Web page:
The use of submarines was still in its relative infancy when war was declared with Germany on 4th August 1914 however they were amongst the first vessels to put to sea ready for war.
Whilst initially the Admiralty regarded the role of submarines as limited to harbour defence, coastal patrols and reconnaissance, within a few months British submarines were on the offensive carrying out some of the most daring and successful operations of the entire war at sea.
The courage and professionalism of these pioneering submariners led to the award of five Victoria Crosses while their heroic endeavours caught the popular imagination. The submarine service became known as the Trade and by the end of the war had won the respect of the whole of the Royal Navy. But it came at a high price; one in three submariners did not return home.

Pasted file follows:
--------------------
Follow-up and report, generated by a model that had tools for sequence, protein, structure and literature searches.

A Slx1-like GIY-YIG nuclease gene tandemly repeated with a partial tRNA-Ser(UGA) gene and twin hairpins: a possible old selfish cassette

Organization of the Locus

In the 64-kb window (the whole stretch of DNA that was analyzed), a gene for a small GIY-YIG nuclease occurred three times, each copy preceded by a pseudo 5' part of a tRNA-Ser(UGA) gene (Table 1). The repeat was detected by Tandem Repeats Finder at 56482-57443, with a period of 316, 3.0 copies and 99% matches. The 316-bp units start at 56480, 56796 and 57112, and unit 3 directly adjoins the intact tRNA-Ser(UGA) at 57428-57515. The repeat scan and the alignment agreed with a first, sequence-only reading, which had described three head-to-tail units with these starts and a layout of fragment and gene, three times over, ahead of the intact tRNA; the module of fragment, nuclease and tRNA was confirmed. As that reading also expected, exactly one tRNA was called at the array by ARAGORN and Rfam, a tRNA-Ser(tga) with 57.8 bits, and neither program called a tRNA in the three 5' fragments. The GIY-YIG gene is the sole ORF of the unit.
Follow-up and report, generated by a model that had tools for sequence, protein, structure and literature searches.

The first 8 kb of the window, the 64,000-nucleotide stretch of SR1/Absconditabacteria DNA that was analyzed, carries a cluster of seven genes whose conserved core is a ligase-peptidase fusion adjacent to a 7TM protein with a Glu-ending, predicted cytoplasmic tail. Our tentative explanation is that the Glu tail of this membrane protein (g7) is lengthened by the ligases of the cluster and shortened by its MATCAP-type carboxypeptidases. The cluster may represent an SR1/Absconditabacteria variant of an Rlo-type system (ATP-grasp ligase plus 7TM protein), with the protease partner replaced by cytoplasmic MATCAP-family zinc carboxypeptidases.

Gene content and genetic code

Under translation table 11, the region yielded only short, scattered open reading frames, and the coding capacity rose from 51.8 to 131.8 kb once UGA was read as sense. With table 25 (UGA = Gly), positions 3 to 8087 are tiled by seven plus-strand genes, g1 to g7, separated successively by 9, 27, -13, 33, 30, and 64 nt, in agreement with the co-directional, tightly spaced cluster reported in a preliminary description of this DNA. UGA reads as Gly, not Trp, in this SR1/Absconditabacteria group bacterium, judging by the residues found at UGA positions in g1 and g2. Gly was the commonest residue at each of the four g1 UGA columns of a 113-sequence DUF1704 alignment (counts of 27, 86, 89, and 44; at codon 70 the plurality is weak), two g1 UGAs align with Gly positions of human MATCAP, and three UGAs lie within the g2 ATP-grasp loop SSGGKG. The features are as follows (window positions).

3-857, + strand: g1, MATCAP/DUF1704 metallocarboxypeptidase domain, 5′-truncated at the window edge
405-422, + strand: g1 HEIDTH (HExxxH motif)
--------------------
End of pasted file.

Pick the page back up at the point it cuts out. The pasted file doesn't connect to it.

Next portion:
Bob Mealings, Head of Collections at the National Museum of the Royal Navy and Senior Curator Submarines explained: “Winston Churchill First Lord of the Admiralty 1911-1915 famously said 'Before the war what submarines could do was one mystery. What they would be ordered to do was another...” By drawing on every aspect of the collections, objects, photographs, rare moving images and personal accounts, we are able to tell a story of extraordinary courage and daring”.